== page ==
• Edouard Manet, Bouquet of Violets, 1872.

    Edouard Manet, Bouquet of Violets, 1872.

    Impressionist Still Life

    Museum of Fine Arts, Boston
    465 Huntington Avenue
    February 17–June 9, 2002

    The Phillips Collection
    1600 21st Street NW
    September 22, 2001–January 13, 2002

    Curators have lately been slicing the blockbusting Impressionists from every thematic angle: horse races, portraits, cityscapes, Mediterranean views. Now we find out what happens when a vision predicated on a thousand points of changing light collides with inert objects on a tabletop. The range of answers gathered together by Eliza E. Rathbone and George T.M. Shackelford is as varied as the roster of artists, which includes Courbet and Morisot, Bazille and Cassatt, Renoir and van Gogh, and is sure to make us look as hard at the objects chosen as the ways they are painted. Expect everything from empty bird’s nests and a langouste à la Parisienne to a pyramid of jawless skulls. Impressionism keeps getting harder to pin down.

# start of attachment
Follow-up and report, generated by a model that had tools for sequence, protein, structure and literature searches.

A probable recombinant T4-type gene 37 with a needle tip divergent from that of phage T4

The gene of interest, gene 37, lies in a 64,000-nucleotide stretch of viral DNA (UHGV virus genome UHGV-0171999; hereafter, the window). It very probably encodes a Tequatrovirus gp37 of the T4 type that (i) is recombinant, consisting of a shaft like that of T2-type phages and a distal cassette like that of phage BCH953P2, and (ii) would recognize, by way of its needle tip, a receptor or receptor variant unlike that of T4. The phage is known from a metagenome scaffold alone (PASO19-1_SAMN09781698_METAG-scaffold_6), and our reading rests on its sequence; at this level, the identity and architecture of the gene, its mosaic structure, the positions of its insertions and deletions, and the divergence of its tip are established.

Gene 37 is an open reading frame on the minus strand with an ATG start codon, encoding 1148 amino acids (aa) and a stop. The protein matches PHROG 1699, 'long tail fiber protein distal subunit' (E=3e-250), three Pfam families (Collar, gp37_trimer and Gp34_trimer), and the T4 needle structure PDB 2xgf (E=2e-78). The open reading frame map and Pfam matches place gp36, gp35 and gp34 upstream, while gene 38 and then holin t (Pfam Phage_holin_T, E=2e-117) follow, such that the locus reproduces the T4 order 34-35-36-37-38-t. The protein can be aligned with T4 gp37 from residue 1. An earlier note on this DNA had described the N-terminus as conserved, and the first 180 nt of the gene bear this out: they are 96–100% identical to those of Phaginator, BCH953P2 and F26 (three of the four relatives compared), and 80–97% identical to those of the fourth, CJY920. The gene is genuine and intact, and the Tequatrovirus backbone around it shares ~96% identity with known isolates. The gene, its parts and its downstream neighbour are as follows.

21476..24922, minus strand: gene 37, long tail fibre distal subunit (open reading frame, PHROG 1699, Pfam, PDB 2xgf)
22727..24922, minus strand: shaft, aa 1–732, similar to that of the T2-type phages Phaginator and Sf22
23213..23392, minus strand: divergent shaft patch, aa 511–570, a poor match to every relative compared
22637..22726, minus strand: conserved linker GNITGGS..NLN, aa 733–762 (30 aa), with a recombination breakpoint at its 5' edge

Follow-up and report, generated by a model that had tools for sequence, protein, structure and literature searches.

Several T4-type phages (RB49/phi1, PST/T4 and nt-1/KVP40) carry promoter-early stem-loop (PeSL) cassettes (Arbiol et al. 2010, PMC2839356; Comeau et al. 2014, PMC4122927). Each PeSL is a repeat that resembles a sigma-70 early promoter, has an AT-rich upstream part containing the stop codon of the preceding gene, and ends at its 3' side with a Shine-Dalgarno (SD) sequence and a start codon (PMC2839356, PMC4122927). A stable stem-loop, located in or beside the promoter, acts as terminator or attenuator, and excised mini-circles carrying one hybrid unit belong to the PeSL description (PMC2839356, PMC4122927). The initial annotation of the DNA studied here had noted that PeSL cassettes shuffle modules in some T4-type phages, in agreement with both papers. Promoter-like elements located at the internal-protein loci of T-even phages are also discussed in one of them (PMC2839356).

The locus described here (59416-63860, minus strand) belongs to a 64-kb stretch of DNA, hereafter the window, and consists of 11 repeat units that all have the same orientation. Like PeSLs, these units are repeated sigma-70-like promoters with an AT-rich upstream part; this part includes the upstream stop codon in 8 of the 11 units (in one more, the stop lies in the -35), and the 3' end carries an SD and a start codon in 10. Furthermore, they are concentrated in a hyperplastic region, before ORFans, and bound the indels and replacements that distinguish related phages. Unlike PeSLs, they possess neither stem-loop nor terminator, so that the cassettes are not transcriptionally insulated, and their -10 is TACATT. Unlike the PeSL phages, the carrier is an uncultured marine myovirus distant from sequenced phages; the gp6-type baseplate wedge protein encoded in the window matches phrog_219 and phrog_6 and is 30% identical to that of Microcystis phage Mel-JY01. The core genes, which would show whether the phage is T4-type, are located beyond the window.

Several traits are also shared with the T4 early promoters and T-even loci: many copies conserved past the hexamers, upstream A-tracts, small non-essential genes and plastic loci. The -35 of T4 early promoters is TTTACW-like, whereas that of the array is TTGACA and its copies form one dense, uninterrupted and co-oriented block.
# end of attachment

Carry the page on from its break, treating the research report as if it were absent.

• Richard Tuttle, Overlap, A9, 2000.

    Richard Tuttle, Overlap, A9, 2000.

    Richard Tuttle, In Parts, 1998–2001

    ICA - Institute of Contemporary Art, Boston
    25 Harbor Shore Drive
    December 8, 2001–February 10, 2002

    Richard Tuttle, master of the deceptively slight hand, used to be overlooked amid late-twentieth-century isms. Now, midcareer, he has our full attention. For this exhibition, Tuttle and curator Ingrid Schaffner bring together recent works shown in the US, Switzerland, and Italy (including two pyramid-shaped paintings fresh from the Venice Biennale). Despite Tuttle’s eye for detail, he never loses sight of the whole: Seen en masse, these works combine to explore the nature of lines, both narrative and graphic. The installation of the exhibition is dictated by the innovative catalogue (which includes a collaboration with poet Charles Bernstein), reversing the normal order of things.